Remember when hot hatchbacks were attainable cars and didn't cost R500 000 a pop? Well, if you do, then might remember lusting after a few of these legends of yesteryear...
Back in the Nineties when turbo monikers still meant something, and engines weren’t governed by emission laws and clever catchphrases like downsizing or rightsizing, affordable performance cars were raw and unsullied – their characters as clearly defined as the lines of their bodywork and the plethora of pinstripes and badges that adorned their perfectly pressed sheet metal. As a teenager growing up in South Africa in mid-Nineties, there weren't many cars burlier than a Volkswagen Golf VR6 or as evocative as a screaming Honda Civic VTEC – they were by no means exotics, but they became aspirational for their attainability and relative performance.
Honda Civic VTEC
Trying to find one of these in mint condition nowadays is a lot like searching for the Holy Grail, but back in 1996 the Honda Civic VTEC (EK series) was beginning to build a reputation as a rev-happy hooligan. Despite its relatively diminutive 1.6-litre 16-valve engine, it packed a pretty punchy party trick called VTEC, a variable valve timing system that massaged its engine to the tune of 118 kW/150 Nm through a combination of witchcraft and Japanese ingenuity. That does not sound like a lot of power by any stretch (or torque for that matter), but paired with racy gear ratios and a rather favourable kerb weight, the Civic VTEC boasted a 0-100 kph sprint time of 7.6 seconds, which left many unsuspecting souls rubbernecking as "the VTEC kicked in".
What to look for when buying second-hand: Rust, cracked radiator end tanks. Also check the condition of the oil and the clutch.
Fiat Uno Turbo
Despite its massive success as a runabout in South Africa, the Fiat Uno was blatantly dismissed by most performance junkies as a harmless and uninspiring econobox owing to its bland exterior and a dearth of fireworks under the bonnet. Those stupid enough to make such assumptions about the 3-door Uno Turbo were soon rudely sucker punched by the raucous and outrageously obnoxious the little Italian nipper. Armed with a turbocharged 86 kW/160 Nm Abarth-fettled 1.4-litre petrol mill, it had enough guts to propel the flagship Uno from standstill to 100 kph in under 8 seconds, before topping out at hard-to-fathom 200 kph. Visual amendments such as 13-inch Abarth-branded wheels and unique red pin-striping in the bumpers were hardly conspicuous enough to warn road users of its straight-line talent. Needless to say, many sports sedan owners who dared to dice an Uno Turbo were sent home with bruised egos to earnestly question the spec sheets and credentials of their cars.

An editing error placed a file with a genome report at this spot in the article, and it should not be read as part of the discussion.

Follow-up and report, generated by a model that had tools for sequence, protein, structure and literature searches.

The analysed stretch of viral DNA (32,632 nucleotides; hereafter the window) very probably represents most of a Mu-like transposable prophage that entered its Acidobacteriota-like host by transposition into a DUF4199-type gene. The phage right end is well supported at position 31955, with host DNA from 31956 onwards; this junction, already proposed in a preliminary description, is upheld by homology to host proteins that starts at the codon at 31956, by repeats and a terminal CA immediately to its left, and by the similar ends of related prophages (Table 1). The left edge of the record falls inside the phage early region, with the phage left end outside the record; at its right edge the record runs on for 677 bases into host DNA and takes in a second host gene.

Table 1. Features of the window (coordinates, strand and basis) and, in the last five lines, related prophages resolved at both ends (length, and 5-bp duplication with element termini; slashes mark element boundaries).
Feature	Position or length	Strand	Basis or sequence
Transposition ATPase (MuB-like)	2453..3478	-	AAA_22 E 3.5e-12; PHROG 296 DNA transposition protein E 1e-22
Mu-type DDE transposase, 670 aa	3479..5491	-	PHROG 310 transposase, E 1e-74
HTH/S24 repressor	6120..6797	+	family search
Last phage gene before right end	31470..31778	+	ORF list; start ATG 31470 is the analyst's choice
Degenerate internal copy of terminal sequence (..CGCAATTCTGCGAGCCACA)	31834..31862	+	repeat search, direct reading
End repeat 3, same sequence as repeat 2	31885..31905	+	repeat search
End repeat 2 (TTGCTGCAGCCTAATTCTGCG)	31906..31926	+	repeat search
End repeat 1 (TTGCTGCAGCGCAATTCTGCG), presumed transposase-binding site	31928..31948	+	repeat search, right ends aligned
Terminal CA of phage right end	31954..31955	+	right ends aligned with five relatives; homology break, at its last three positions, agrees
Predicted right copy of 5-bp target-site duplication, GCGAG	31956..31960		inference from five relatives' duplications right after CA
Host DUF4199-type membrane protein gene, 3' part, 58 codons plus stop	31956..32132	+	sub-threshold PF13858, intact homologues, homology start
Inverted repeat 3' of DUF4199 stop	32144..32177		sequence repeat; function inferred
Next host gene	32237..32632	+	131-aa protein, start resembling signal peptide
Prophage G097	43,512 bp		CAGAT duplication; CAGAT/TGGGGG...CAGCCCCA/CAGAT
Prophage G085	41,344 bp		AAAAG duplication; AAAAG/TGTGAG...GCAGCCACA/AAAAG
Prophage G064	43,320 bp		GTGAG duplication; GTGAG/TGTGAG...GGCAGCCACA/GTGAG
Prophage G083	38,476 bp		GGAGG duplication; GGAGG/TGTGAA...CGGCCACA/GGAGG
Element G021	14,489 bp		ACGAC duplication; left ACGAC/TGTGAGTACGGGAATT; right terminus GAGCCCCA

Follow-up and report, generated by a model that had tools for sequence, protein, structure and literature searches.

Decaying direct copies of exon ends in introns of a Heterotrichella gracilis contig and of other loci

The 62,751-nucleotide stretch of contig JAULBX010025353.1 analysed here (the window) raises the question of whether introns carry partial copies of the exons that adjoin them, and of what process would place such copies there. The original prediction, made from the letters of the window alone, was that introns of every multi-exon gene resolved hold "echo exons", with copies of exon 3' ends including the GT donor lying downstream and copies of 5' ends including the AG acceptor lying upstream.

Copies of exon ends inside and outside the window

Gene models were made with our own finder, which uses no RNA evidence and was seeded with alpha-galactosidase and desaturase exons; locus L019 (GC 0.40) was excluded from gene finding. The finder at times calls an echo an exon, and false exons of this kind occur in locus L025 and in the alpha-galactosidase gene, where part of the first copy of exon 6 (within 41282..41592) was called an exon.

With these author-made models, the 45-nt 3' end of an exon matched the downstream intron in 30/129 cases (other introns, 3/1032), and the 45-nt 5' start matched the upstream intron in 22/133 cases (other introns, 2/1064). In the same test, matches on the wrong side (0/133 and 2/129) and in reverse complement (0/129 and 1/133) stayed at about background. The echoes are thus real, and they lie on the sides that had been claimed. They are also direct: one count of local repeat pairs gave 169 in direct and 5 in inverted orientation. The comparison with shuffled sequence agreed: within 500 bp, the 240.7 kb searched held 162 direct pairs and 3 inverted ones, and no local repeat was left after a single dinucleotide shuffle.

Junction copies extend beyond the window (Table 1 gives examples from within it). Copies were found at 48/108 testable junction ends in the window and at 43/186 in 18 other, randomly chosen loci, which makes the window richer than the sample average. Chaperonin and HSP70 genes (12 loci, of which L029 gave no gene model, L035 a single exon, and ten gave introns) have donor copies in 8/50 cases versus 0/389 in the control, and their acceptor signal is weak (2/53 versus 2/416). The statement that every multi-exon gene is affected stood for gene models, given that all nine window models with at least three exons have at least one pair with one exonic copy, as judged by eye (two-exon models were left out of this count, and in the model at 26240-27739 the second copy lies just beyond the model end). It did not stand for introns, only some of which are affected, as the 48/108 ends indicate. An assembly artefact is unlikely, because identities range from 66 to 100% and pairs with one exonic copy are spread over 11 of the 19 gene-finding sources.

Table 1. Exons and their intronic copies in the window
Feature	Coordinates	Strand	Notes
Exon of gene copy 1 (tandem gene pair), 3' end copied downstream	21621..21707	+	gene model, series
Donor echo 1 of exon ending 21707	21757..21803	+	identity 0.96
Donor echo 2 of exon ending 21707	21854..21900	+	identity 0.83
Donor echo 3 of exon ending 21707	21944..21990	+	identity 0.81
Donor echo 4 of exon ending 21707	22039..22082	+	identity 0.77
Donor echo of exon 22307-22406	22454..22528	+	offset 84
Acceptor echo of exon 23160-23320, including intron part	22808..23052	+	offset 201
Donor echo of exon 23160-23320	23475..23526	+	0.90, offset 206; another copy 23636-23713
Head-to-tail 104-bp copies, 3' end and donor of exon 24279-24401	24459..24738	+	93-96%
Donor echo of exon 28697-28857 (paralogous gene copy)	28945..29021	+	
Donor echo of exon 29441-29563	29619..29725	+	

What to look for when buying second-hand: Rust, noisy engine and turbo, any signs of aftermarket modifications.
Audi A3 1.8T
The Audi A3 utilised the VW Group’s esteemed 1.8-litre 20-valve turbocharged engine, which was broadly employed during the late Nineties and the Noughties. During it’s time it was available in numerous states of tune but the most popular – read: affordable – format was the 110 kW/210 Nm AGU drive-by-cable version that did duty in the 1999-2000 Audi A3s and Golf GTIs. Its powerful and torquey engine meant it could go from 0-100kph in just over 8 seconds and reach a top speed of 217 kph. Those who wanted a touch more performance could go one bigger with the S3 – the sportiest derivative in the range. Much like the first-generation Audi TT, the S3's 1.8-litre turbocharged engine featured a bigger K04 turbo, a brace of intercoolers, a higher compression ratio and revised software that culminated in an extra 55 kW and 70 Nm.
What to look for when buying second-hand: Roll-bar bushes, top mounts, front suspension bushes, faulty pixels on the dash LCD and boost leaks.
Nissan Sabre 200 GXi
Ah yes, the much-respected Nissan Sabre 200 GXi and Sentra 200 STi had one thing in common: the SR200DE engine. The Sabre may have lived in the shadow of the Sentra, but it possessed the same levels of performance and outright tuning potential as its sibling. In stock trim, the 2.0-litre 16-valve DOHC unit produced a rather respectable 105kW/178Nm and was capable of a sub-9 second 0-100 kph sprint time. It terrorised more expensive metal at traffic lights and forged a reputation on the street and drag strips for punishing turbocharged hatchbacks in quarter-mile duels. A few breathing modifications and greater fuel pressure would often see at-the-flywheel outputs swell to over 130 kW/220 Nm – and that’s before opening up the engine and fettling the camshaft timing etc.
What to look for when buying second-hand: These cars were prone to overheating. Check the coolant system and look for any signs of head gasket failures.
Volkswagen Golf VR6
Few will forget the Volkswagen Mk3 Golf VR6 and its roaring soundtrack, a direct result of its unique vee-in-line power-plant configuration. It gained popularity in the wake of the rather disappointingly tepid 2.0-litre 8-valve GTI of the same era and is still a very sought-after collector’s piece to this day, primarily because of its guttural 2.8-litre 12-valve mill. Good for 128 kW and 235 Nm of rotational thrust it guzzled more than Paul Gascoigne on a binge, but its neck-snapping acceleration and granular soundtrack made up for the pricey fuel bills. It boasted a top speed of 235 kph and a 7.8-second 0-100 kph time, which is pretty swift – even by today’s standards. Finding a near-showroom-condition example is almost unheard of these days.
What to look for when buying second-hand: Faulty electric window motor, coil packs, noisy lifters, smoking, rust.